When Muncer, a seditious Anabaptist, first set a broach their doctrine at Mulchus, and took upon him to reform many things in Church and State; Luther advised the Senate to demand of him what calling he had to do such things he did; and if he should avouch God for the author of his calling, then they should require of him to prove that his calling from God by some evident sign; for whensoever it pleaseth God to change the ordinary course, and to call any man to any office extraordinary, he declares that his good will and pleasure by some evident sign. If the calling of the Anabaptisticall Teachers be ordinary, let them demonstrate it by Scripture; if extraordinary, let them prove it by miracle. For the prophesie they speak of, let them distinctly declare, what kind of prophesying they mean, and whom they esteem Prophets; for prophesying is taken in a double sense in holy Scripture; sometimes according to the propriety of the Greek derivation, for the prediction of things future: sometimes in a large sense, for reavealing the mysteries of God, and expounding his Oracles, either concerning things past, present, or to come.
But now, sith I have set up a light upon the bank, and clearly discovered both them, and their errours, I hope we shall see no more of their Frog-galliards, nor hear their harsh croaking and coaxation, either in the Pulpit or the Presse.”

Robert Baillie
“Tell the English Anabaptists now of the Doctrine and practises of their fathers in Munster and elsewhere, they are ready with passion to deny all affinity, all consanguinity with such monstrous Hereticks: They will be nothing lesse then Anabaptists, the furthest they will professe to maintain is but a simple Antipaedobaptisme. How ever this will be found a very grosse and dangerous errour, yet we wish that all our questions with that generation of men were come to so narrow an issue; we are loth to force upon any man the errours which he is willing to disallow;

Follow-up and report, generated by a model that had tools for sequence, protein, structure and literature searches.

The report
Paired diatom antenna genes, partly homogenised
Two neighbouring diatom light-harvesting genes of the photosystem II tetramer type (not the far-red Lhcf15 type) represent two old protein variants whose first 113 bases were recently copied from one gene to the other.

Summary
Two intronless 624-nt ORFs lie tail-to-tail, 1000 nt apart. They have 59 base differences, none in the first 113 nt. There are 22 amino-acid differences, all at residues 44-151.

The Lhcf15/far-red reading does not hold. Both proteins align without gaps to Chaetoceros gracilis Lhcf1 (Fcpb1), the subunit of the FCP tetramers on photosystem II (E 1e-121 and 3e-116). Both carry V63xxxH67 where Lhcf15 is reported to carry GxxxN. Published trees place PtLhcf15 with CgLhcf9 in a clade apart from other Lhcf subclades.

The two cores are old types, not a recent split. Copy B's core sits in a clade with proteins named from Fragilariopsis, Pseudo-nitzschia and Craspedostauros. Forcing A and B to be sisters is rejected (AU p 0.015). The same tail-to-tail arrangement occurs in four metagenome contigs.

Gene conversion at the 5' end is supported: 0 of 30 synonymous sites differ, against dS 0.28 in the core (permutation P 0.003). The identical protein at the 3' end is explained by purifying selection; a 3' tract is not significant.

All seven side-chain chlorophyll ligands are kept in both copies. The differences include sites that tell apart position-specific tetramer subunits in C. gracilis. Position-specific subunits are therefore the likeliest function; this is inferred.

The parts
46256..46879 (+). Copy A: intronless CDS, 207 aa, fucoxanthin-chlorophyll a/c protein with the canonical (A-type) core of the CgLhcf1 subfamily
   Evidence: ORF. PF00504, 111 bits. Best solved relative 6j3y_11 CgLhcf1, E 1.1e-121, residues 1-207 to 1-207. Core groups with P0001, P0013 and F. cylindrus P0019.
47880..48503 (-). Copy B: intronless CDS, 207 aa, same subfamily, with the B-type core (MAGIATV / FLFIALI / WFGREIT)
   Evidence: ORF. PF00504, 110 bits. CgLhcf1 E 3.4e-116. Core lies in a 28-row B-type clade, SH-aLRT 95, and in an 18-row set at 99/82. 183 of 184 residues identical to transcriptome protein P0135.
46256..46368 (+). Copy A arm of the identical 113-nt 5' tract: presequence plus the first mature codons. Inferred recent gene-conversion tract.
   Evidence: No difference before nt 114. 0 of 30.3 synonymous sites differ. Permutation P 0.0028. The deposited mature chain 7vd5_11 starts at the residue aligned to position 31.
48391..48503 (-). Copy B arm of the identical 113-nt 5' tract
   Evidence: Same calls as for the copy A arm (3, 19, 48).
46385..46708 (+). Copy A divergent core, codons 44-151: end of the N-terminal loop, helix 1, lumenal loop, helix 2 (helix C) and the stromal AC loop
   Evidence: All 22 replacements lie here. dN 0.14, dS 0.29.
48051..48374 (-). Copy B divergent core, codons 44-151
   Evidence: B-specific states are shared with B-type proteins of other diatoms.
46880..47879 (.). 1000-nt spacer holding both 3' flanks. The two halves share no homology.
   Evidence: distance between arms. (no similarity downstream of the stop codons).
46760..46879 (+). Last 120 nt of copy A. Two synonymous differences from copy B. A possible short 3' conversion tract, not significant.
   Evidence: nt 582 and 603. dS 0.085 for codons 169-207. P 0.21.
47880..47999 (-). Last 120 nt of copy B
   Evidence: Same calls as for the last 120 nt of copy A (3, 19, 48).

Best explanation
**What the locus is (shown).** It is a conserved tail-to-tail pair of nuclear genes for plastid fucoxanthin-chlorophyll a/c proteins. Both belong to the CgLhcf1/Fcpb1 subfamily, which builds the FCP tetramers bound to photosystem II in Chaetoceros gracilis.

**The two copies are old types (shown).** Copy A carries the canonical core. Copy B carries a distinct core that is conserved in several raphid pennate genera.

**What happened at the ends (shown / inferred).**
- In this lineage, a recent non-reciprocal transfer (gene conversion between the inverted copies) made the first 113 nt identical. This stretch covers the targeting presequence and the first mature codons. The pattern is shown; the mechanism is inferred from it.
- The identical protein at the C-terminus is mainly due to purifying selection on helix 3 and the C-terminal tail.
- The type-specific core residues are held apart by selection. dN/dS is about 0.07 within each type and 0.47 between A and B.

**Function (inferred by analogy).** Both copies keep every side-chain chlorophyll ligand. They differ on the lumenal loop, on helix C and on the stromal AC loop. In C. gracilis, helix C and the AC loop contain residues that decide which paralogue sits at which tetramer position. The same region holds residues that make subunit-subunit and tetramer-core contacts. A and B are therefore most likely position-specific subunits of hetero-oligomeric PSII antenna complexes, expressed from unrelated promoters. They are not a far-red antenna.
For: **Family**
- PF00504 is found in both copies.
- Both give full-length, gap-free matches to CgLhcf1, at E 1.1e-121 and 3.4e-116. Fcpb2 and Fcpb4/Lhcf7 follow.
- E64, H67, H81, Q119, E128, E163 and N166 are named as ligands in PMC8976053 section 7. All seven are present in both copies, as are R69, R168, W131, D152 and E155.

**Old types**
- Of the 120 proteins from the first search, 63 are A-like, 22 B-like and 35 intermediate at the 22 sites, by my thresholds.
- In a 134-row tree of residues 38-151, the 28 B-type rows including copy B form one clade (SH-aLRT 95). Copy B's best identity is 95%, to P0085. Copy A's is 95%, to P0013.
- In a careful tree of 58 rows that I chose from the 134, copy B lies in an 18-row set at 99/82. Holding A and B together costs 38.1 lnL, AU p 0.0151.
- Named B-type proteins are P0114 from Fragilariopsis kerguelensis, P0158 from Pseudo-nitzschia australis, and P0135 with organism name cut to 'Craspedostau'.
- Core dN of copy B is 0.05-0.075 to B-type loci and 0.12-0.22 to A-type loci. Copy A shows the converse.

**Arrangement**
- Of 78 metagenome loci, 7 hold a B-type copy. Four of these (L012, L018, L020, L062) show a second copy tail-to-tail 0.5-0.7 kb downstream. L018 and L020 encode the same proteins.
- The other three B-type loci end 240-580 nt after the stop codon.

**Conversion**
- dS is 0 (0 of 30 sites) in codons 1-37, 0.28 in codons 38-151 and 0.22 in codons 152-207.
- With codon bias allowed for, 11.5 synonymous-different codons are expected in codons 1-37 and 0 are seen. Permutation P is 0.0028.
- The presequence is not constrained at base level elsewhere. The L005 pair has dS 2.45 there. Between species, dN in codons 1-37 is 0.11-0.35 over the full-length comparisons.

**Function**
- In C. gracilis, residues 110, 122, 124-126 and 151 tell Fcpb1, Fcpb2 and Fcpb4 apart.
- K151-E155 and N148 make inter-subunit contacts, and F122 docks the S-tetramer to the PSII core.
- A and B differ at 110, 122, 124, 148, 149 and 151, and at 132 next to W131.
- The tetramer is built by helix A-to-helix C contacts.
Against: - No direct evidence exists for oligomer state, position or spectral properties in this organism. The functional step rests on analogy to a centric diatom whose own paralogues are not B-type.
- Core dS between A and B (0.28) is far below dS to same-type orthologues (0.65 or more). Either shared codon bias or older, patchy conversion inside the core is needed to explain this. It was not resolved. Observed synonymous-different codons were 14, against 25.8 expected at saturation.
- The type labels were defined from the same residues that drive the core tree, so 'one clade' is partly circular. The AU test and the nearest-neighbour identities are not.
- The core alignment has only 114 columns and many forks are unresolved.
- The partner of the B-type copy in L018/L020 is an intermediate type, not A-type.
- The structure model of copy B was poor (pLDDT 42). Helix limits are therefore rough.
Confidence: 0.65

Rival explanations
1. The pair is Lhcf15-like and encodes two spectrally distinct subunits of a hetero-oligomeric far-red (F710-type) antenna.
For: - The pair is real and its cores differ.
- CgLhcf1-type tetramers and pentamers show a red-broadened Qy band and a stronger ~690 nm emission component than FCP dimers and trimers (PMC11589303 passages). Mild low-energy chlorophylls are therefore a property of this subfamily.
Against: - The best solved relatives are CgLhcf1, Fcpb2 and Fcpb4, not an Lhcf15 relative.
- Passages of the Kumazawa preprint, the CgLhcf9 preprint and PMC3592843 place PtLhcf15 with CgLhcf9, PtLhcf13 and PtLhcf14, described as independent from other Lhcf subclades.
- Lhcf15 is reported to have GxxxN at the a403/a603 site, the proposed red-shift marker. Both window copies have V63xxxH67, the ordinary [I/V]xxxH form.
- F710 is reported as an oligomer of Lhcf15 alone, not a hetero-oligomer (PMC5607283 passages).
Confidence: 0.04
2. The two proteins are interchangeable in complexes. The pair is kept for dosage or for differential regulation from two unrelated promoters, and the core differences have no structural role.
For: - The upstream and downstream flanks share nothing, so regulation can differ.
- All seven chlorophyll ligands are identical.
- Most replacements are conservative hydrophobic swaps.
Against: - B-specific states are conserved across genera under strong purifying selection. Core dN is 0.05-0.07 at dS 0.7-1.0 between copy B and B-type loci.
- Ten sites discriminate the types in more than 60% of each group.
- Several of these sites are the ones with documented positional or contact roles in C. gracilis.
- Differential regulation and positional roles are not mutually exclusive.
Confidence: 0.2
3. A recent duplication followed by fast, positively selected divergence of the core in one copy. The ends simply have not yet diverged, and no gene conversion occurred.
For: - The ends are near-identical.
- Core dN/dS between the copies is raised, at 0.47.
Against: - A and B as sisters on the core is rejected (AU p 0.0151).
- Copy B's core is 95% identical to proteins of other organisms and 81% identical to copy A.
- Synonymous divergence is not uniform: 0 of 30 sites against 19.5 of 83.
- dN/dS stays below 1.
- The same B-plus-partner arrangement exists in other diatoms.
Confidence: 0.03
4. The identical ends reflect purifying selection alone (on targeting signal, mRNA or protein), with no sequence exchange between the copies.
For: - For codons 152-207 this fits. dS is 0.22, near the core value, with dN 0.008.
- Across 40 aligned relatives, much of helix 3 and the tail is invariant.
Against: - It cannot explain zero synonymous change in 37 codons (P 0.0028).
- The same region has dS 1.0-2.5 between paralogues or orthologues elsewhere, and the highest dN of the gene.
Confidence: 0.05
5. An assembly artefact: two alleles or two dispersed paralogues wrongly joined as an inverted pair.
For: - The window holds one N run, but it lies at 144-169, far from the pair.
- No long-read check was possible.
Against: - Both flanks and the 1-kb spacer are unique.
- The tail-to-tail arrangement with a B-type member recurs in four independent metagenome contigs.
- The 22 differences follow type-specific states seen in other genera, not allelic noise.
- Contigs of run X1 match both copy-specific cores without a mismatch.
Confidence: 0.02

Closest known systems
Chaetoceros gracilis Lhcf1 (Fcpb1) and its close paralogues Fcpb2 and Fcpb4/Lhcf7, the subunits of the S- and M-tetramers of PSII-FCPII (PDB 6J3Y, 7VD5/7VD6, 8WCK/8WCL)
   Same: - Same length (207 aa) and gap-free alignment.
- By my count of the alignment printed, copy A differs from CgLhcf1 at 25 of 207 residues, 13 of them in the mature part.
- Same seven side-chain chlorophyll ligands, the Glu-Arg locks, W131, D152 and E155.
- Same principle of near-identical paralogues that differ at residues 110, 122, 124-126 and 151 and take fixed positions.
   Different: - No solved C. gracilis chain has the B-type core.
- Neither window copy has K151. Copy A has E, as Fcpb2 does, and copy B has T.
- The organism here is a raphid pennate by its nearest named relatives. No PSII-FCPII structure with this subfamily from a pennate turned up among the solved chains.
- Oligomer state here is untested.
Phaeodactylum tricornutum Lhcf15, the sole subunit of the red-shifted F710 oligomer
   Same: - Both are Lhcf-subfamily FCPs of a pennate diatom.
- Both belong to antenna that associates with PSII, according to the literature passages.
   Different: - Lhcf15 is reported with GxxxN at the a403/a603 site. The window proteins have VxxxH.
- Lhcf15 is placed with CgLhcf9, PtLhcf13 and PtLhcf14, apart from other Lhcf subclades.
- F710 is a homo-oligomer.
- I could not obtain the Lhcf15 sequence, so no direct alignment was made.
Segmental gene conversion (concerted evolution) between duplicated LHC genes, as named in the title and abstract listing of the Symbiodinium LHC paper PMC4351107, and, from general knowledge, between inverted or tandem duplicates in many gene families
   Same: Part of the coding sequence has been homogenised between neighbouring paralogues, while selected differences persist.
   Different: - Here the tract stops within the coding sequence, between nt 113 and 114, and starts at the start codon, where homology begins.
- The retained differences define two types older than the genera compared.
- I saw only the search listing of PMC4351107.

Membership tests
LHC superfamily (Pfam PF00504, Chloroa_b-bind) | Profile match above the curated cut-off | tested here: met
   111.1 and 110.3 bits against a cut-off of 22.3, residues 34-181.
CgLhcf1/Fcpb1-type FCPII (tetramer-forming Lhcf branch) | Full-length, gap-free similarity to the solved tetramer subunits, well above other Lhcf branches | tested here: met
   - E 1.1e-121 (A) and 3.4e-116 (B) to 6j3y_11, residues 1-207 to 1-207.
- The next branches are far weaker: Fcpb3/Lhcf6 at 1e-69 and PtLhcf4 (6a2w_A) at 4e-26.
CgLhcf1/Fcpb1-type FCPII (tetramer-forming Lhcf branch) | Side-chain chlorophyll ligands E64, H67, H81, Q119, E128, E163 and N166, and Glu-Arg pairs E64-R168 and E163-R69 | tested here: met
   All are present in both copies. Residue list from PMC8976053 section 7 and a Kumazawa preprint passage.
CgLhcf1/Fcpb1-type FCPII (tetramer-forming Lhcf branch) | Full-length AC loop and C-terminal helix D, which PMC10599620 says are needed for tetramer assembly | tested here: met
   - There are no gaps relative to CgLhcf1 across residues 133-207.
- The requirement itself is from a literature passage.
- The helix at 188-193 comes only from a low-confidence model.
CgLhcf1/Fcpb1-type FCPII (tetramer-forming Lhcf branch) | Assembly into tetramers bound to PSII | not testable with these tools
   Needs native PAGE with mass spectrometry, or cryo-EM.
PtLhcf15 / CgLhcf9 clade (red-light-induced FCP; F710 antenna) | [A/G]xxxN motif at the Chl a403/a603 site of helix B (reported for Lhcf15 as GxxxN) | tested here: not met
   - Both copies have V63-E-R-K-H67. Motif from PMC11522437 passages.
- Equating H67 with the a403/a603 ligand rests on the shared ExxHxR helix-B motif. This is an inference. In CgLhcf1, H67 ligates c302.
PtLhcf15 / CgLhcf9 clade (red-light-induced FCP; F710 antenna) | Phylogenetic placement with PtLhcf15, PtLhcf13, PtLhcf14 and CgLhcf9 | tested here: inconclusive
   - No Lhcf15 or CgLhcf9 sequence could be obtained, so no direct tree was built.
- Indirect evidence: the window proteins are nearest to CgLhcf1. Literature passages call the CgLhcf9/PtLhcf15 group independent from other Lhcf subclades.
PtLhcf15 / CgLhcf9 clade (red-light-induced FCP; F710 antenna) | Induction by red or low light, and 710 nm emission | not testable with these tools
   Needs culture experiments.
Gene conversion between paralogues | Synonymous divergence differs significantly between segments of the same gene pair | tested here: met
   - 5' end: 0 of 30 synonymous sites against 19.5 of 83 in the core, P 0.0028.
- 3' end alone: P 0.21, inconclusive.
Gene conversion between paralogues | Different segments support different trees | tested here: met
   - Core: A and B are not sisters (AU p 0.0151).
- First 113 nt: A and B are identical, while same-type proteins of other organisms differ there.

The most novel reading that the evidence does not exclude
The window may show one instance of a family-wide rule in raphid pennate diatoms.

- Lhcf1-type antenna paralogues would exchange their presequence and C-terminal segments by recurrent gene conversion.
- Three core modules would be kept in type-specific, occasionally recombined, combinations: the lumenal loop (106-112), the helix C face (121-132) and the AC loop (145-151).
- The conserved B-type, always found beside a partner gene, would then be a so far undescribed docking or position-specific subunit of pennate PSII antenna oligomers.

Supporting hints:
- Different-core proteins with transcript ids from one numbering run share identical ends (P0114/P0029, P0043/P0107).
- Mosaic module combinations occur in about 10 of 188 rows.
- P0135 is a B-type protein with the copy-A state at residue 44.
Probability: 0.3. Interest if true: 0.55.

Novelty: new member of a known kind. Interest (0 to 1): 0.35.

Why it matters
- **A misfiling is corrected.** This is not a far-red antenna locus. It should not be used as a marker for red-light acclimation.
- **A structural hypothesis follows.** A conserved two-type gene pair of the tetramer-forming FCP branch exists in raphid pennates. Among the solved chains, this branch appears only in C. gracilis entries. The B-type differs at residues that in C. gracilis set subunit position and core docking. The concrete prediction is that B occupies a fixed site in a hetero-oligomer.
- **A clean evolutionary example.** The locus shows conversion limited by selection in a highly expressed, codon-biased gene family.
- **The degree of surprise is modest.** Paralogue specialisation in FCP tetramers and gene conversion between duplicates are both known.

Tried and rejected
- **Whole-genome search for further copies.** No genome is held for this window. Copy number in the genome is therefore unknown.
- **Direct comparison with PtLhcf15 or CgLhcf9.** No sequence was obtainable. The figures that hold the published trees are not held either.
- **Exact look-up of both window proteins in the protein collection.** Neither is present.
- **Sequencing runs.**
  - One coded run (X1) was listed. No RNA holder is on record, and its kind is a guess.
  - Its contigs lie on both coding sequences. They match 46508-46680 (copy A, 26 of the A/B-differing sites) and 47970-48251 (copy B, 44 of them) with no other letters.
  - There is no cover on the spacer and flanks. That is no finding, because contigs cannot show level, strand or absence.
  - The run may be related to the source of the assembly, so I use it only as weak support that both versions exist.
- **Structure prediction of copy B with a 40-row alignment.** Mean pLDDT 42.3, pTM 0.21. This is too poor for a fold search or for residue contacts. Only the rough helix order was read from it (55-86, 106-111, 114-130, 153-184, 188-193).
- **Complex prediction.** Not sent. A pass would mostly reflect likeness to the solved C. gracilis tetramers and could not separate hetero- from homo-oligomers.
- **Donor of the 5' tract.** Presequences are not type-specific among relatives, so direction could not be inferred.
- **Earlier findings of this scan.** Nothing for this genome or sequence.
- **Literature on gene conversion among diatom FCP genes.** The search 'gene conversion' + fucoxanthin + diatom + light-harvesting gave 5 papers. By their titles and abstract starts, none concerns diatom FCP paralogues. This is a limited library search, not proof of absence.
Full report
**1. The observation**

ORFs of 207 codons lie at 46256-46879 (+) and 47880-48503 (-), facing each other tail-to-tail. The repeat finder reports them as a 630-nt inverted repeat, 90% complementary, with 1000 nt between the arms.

How ever the tenets which the most of them are likely to acknowledge, be these which seven of their best Churches did offer in print to the Parliament, as their common sense: We wish that all these who go under the name of Anabaptists in England, were resolved to stand to the articles of that confession without any further progresse in errour: but how farre the very prime Subscribers are from any such resolution, it will appear anon.”

Thomas Edwards
“There is a Book lately printed, and that with license, (as the Title of the Book expresses, and now the time is come, that all kind of Errors are Printed cum privilegio) call’d a Confession of Faith, of seven Churches of Christ in London, which are commonly (but unjustly) call’d Anabaptists, Dedicated to the High Court of Parliament, and given into the hands of many Members, which came not to my hand till Feb. 13. or else I would now have given some animadversions upon it; but for the present thus much, there are many dangerous opinions and practises, which to my knowledge by Books in Print, and discourses of theirs, some of those whose hands are subscribe’d to the Confession of Faith, hold, but are concealed other points of their confession express’d generally, and doubtfully, not holding them as Reformed Churches do.”